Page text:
#18 – The General
That’s the drive and genius on display in Keaton’s epic 1926 movie The General. When we see Buster Keaton doing things, he's really doing it. Keaton and his production crew really bought and restored two real Civil War-era (era) trains. Keaton really taught himself to drive a real train. How did they stage the train crash scene? They bought a third real train and REALLY F’N CRASHED A TRAIN.
The Plot in Brief: Southern train engineer Johnnie Gray (Buster Keaton) wants very badly to join the Confederate cause in the Civil War. His girlfriend Annabelle Lee (Marion Mack) wants him to join up too. But recruiters want him to remain a train engineer; they think he's more valuable to the South in that capacity. One day a group of Northern spies steal Johnnie’s beloved engine, “The General,” and drive it north. Keaton takes off after it; he too steals a train and the chase begins. Keaton follows them to a Northern army encampment, where he accidently discovers that the Northern spies have kidnapped Annabelle to boot!
Keaton famously told his crew to make it “so authentic, it hurts.” For many people, The General is the Civil War brought to life on screen. The costumes look authentic, the sets look authentic, and as I mentioned earlier, they used a real Civil War locomotive and restored it to working order. The one thing you can always say about Buster Keaton is “The money’s on the screen!”
Feminists, take note! The 1920s was a very different time period. Marion Mack’s Annabelle Lee is the subject of some of the film’s humor, and not all of it is nice. At one point in the film, Johnnie is driving the engine and Annabelle is also in the engineer’s compartment. She's tidying up—she’s literally sweeping the floor because she’s a woman, see? He asks her to put some more wood in the firebox. She picks up the tiniest sliver of wood and tosses it into the firebox. Unimpressed with her efforts, Johnnie begins to strangle her. Then he stops, looks at her, and kisses her. I guess the kissing part makes the strangling part okay. As she goes about her business throughout the film, poor Annabelle is put through so much torture. She is forced to get into a bag big burlap bag that once contained men’s shoes. She is shoved down into the bag and roughly thrown onto the train. Then enormous boxes are thrown on top of her. Of course, it was a different time, and we can't hold the film to modern standards… but Marion Mack really “gets it” in The General.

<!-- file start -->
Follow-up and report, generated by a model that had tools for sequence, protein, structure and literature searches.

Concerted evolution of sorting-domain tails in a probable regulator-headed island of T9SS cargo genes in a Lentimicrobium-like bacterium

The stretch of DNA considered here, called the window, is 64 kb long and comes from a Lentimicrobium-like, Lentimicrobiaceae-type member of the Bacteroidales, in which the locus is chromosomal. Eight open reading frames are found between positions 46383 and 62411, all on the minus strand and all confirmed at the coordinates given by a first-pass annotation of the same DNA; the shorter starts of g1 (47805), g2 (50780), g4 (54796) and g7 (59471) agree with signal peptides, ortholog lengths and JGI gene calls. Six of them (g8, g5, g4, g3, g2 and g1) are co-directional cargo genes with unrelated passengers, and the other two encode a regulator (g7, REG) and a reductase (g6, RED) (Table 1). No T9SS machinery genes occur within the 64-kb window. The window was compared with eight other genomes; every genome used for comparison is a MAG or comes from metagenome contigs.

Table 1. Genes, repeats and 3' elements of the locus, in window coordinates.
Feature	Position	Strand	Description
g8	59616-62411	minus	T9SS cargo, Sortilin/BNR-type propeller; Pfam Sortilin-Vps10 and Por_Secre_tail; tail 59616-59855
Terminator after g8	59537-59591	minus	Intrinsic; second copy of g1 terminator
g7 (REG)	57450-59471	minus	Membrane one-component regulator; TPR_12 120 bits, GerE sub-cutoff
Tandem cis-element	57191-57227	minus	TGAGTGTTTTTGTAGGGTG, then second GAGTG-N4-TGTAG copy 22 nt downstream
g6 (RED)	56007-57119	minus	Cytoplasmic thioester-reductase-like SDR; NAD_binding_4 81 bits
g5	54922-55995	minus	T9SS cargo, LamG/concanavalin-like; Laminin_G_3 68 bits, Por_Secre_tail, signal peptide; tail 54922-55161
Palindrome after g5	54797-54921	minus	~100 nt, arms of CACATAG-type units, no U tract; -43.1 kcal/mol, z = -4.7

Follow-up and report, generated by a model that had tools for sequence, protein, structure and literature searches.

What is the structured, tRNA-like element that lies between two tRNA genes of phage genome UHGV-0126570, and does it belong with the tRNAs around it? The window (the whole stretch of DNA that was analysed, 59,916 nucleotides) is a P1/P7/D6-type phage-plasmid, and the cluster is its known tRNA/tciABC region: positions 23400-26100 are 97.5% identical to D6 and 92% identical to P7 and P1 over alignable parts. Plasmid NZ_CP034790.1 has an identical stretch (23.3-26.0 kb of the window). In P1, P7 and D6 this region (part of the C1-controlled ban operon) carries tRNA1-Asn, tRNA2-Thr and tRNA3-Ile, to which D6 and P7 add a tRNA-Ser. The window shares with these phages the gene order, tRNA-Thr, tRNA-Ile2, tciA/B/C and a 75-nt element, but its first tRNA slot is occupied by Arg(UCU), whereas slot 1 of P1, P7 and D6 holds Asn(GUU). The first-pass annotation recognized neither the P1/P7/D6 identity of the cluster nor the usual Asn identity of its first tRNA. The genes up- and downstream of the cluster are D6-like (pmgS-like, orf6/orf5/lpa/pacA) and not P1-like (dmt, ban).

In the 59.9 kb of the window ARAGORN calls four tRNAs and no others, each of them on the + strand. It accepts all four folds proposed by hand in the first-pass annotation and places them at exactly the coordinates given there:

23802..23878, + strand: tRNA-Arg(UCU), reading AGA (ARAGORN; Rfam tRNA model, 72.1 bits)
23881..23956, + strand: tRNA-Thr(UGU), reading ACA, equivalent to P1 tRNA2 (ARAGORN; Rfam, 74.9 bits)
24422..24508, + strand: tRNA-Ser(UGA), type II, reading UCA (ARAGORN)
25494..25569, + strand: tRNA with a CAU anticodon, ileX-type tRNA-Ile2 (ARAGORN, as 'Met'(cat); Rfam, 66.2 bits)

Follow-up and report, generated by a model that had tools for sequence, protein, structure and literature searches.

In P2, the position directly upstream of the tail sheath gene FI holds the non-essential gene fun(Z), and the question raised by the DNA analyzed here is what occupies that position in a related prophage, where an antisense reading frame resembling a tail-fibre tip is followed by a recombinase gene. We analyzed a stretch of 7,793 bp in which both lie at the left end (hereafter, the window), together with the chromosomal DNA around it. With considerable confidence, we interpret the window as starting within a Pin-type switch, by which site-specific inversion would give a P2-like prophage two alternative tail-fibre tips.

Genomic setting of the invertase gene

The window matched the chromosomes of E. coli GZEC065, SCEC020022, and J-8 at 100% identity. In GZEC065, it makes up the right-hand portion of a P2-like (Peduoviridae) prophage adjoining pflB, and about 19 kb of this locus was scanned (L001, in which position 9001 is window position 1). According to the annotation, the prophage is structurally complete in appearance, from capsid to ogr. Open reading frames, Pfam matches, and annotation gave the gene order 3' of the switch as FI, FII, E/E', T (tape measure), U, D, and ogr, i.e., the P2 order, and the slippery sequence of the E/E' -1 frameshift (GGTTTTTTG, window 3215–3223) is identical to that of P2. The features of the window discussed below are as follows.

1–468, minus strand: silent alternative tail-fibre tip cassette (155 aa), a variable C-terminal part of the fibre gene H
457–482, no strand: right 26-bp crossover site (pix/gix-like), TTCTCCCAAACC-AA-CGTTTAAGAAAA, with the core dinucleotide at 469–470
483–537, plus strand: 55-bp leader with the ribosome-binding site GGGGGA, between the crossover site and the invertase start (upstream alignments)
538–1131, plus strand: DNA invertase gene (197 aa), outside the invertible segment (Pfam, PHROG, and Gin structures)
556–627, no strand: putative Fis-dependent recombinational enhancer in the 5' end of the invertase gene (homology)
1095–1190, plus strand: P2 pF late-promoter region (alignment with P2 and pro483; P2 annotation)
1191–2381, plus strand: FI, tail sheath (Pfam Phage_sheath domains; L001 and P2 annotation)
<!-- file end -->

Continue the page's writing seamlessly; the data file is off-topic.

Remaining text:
The Pope believes we must resist passing final judgment on any film during its own time; we never have the necessary distance until some time has passed. When The General was released, it was a financial failure. No one went to see it, and some thought it was in "gruesomely bad taste." With the benefit of 90 years, the film has emerged as a unique masterpiece. Expertly made on a grand, sweeping scale, it’s the rare comedy that juxtaposes its humor with an absolutely authentic background and narrative (it’s actually based on a true story.) We are further away from the Civil War, so we can be more objective about that. I also know that audience tastes in comedy have changed; in 2016, we are more than willing to laugh at someone dying, as long as it’s a recognizable joke that leads to the demise. My College Composition class proved this a few weeks ago when they were more than willing to laugh at one of The General’s blackest jokes. I don't know what that says about us—are we more broad-minded today, or are we more horrible?
MUSICAL NOTE: The current Kino Blu-ray disc gives the viewer three choices of musical accompaniment. Go with the Carl Davis score; you will not be sorry.
“In nomine Keaton, et Grant, y spiritu Lee… Amen.”
I would like to thank the students in my seventh period College Composition class for their assistance in writing this column: Mohammed Ahmed, Holly Arguelles, Michael Baac, Matt Baclawski, Malina Behrendt, Anna Connelly, Lindsey Hendren, Will Jasutis, Liza Paskevych, Jermaine Patterson, Emily Perez, Brad Pohlman, Brianna Puentes, Joe Ramage, Marisol Reyes-Ochoa, Kurt Serafin-Olszowy, Jacob Strickland, Melanie Wadlington, and Thomas Yon. You are all the bestius.